P&N: What’s been the hardest part about embracing the hands-free life?
RMS: A Hands Free life requires taking a good hard look inward to realize what needs to change. It requires being honest with oneself. My distractions enabled me to cover up some painful truths that I did not want to face. But having that awareness is freeing. In my stories, I often write, “The truth hurts, but the truth heals … and brings me closer to the person I want to be.” I try to live those words daily.
P&N: What is one simple tip we could all use to become more hands free?
RMS: For people who are tied to their phone, I would suggest giving their phone a home when they are trying to be fully present with their loved ones. I saw a cute idea the other day where people keep a fish bowl by the door. When they come home, they turn off the notifications and place their phone in the fish bowl until morning. This resonated with me because I had to place my phone in a drawer when I first began my journey. Just seeing my phone made me want to check it. Keeping my device out of sight helped me curb its use tremendously.
P&N: Are you officially, completely hands free now? Where do you see yourself going from here?
RMS: Living Hands Free means making it a daily practice to temporarily let go of external and internal distraction (phone, computer, unrealistic standards, perfection) to be fully present with someone or something meaningful in one’s life. The frequency and duration of these Hands Free periods are entirely up to the individual. As for myself, I am completely sold on living Hands Free. Each day I make time to laugh, be spontaneous, connect and make memories. I allow myself to let go of time and schedule and just BE with the people I love at some point each day. I am living in today not waiting to live “someday.” Now that my eyes and hands have been opened, I will never go back. My current passion is centered on protecting this new-found freedom from the distractions of the 21st century and helping others do the same through writing and speaking.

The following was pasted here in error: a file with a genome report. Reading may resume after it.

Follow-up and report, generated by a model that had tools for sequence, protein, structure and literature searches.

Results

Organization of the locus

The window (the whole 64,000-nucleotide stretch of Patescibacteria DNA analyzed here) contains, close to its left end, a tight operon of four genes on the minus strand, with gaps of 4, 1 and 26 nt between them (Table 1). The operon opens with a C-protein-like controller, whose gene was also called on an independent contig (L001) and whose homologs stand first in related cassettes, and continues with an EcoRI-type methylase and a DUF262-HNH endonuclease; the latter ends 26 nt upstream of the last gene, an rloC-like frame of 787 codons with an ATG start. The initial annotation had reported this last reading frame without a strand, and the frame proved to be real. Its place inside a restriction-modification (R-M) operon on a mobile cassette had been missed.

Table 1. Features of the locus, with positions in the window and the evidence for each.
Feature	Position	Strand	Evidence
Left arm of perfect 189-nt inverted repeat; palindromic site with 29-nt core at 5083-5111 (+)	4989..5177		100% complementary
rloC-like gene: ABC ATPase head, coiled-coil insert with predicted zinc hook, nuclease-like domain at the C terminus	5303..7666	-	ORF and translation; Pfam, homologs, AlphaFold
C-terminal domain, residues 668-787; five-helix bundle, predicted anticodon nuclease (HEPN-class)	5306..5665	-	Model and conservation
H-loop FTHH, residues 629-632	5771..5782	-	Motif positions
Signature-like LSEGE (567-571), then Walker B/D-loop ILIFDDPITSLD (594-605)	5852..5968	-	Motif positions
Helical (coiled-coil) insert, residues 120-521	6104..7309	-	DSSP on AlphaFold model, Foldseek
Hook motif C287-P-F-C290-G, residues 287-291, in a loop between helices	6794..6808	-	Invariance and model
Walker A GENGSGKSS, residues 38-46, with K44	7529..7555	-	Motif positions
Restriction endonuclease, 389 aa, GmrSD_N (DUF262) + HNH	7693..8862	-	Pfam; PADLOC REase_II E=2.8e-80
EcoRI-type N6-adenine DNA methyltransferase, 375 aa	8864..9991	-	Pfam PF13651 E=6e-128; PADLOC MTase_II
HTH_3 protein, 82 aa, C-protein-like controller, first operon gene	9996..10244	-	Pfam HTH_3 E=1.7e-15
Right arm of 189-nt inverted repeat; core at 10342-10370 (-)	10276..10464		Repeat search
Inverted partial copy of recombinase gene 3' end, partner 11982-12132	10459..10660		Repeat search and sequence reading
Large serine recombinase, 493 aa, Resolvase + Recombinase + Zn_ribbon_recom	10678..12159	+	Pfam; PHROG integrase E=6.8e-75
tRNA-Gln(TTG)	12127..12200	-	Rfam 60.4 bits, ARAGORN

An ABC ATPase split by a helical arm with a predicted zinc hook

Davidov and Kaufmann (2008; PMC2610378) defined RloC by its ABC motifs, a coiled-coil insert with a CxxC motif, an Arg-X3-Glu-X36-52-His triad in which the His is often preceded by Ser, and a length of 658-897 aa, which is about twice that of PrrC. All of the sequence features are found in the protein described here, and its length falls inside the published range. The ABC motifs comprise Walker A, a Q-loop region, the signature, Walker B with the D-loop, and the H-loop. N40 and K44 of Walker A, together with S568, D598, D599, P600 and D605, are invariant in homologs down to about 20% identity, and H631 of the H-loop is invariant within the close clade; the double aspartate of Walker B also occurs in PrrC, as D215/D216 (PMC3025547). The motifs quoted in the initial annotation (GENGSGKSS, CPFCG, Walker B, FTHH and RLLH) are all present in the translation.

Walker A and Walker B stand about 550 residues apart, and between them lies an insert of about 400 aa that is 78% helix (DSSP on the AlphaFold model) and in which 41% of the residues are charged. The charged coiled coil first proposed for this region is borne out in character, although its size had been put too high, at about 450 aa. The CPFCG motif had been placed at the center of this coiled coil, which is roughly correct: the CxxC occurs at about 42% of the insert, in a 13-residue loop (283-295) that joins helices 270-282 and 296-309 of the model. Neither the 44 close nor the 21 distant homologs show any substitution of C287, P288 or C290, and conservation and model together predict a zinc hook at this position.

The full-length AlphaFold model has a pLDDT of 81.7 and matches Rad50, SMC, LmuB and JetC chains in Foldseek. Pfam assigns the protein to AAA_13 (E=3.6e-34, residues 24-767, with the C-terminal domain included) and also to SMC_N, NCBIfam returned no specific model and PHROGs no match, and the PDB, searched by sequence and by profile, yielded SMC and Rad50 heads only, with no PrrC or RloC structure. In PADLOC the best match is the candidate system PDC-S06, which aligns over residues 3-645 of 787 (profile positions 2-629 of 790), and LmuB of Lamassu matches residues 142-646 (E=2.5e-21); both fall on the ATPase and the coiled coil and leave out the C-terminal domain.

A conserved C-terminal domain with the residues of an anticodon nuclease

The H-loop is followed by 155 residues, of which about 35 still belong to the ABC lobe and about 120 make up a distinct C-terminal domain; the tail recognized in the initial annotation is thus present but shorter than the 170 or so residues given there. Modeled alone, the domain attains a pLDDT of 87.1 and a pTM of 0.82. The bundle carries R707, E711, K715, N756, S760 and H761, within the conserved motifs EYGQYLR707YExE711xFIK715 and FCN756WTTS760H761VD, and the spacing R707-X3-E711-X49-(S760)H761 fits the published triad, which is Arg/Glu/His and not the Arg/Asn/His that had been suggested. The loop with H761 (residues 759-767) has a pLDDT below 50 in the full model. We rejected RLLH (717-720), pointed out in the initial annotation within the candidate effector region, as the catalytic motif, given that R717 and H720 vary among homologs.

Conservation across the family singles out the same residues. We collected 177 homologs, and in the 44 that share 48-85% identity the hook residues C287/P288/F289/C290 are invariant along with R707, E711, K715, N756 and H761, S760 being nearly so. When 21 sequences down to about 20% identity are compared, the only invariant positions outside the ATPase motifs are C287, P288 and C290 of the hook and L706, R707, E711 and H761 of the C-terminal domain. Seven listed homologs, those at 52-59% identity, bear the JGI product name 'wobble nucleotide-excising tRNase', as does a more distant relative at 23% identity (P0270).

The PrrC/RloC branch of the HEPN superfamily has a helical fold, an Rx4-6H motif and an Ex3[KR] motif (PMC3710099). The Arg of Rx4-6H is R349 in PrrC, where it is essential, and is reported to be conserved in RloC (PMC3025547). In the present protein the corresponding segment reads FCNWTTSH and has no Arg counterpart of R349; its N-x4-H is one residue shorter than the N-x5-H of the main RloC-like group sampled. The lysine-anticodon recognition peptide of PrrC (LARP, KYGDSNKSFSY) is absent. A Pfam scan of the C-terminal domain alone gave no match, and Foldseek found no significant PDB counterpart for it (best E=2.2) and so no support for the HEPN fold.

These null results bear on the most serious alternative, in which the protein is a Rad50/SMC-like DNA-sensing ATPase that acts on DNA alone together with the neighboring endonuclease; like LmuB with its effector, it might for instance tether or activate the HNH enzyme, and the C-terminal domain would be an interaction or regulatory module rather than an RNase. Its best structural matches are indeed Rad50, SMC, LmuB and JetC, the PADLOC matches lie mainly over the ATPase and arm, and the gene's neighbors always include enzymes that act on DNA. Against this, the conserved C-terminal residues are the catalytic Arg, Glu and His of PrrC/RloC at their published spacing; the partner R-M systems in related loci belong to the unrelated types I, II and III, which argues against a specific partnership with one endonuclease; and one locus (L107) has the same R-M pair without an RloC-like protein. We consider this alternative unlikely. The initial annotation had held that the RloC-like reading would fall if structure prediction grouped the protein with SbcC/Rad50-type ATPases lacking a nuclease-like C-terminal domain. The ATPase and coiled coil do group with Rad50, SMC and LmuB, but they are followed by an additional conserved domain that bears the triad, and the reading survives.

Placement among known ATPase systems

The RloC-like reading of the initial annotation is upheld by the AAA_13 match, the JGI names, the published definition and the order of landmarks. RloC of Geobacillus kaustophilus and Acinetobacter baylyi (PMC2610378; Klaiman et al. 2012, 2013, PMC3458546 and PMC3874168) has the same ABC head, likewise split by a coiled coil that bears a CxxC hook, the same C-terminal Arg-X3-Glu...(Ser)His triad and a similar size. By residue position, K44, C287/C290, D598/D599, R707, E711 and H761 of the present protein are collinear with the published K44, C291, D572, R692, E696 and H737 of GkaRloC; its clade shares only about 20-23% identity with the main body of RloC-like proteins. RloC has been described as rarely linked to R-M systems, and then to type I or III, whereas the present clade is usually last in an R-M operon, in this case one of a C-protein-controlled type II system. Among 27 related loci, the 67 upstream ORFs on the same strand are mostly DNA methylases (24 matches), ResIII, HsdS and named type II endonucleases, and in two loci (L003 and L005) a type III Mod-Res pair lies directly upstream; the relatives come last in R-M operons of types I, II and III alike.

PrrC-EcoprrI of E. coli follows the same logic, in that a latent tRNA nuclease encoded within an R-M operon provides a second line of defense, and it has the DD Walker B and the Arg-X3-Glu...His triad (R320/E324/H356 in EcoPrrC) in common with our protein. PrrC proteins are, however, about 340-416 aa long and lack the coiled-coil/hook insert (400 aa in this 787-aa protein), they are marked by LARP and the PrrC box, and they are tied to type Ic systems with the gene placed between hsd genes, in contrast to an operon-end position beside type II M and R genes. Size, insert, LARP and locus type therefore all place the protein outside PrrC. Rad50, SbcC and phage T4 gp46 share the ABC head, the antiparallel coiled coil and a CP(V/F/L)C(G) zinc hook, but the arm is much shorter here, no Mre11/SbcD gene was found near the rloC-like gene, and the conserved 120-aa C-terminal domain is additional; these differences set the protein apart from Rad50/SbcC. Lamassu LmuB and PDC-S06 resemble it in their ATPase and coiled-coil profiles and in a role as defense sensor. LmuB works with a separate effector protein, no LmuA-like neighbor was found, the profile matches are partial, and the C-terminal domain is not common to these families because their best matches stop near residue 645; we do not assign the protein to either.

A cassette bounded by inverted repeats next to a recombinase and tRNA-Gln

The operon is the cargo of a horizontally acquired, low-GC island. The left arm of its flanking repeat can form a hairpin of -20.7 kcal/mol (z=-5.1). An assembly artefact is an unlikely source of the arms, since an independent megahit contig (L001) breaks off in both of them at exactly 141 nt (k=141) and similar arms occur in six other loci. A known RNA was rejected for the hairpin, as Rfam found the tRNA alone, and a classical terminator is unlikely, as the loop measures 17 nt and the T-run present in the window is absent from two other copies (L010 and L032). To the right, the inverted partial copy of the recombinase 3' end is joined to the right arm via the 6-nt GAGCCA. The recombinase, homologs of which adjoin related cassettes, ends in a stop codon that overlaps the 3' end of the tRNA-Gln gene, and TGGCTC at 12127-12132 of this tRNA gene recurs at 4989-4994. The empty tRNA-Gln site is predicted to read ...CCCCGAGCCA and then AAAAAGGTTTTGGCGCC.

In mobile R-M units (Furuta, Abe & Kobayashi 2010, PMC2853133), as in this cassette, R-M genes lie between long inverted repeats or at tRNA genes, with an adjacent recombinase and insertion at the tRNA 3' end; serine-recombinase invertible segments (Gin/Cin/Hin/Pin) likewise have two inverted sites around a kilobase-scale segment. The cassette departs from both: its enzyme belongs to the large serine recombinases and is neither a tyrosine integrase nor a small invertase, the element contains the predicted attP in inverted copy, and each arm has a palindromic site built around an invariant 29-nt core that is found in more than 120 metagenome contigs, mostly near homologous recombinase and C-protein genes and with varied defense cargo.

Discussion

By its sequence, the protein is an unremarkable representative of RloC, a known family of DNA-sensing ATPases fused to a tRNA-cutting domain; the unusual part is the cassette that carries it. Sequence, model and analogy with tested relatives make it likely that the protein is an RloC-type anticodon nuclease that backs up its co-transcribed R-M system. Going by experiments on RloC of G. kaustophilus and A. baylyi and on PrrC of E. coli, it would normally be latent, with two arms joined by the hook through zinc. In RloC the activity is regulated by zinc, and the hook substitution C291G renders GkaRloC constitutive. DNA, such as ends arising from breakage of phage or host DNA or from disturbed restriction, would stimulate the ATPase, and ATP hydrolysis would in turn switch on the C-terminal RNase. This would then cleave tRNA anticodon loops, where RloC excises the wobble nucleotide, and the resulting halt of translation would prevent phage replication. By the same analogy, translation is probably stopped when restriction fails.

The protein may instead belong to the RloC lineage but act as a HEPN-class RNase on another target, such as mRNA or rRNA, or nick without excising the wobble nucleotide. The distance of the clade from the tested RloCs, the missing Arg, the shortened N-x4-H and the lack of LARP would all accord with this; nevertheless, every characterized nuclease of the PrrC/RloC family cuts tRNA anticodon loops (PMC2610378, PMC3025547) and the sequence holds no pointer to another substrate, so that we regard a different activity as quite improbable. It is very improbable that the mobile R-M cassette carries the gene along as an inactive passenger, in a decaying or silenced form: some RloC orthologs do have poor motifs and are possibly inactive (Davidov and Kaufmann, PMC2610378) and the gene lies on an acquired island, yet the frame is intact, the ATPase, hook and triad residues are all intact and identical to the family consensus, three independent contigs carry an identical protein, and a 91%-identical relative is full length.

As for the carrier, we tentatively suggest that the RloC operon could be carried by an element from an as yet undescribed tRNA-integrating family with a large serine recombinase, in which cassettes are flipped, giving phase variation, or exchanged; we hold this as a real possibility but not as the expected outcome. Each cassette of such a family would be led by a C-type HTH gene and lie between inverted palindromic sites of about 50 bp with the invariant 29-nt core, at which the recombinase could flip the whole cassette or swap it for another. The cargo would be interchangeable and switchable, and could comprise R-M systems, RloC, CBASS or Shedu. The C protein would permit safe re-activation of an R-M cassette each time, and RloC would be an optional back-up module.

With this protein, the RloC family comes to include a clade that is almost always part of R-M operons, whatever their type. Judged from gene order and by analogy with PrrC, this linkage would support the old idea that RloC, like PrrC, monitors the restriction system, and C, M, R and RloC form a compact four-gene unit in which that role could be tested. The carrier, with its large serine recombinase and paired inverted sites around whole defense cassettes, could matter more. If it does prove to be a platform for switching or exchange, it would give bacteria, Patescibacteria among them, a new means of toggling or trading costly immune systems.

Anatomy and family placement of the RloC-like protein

Job title: Author
State of residence: Alabama
Children’s names and ages: Natalie, 10; Avery, 7
Celebrity: Mat Kearney
Indulgence: anything coconut
Beauty product: MAC LipGlass in Viva Glam V
Weeknight dinner: salmon, basmati rice and veggies
Book Club: Hands Free Mama
Pregnancy & Newborn’s Book Club is starting the New Year with a new perspective, thanks to one mama’s wake up call. A few years ago, Rachel Macy Stafford was like a lot of mothers; her planner was packed and her to-do lists never ended. She began to realize she held her phone more and her...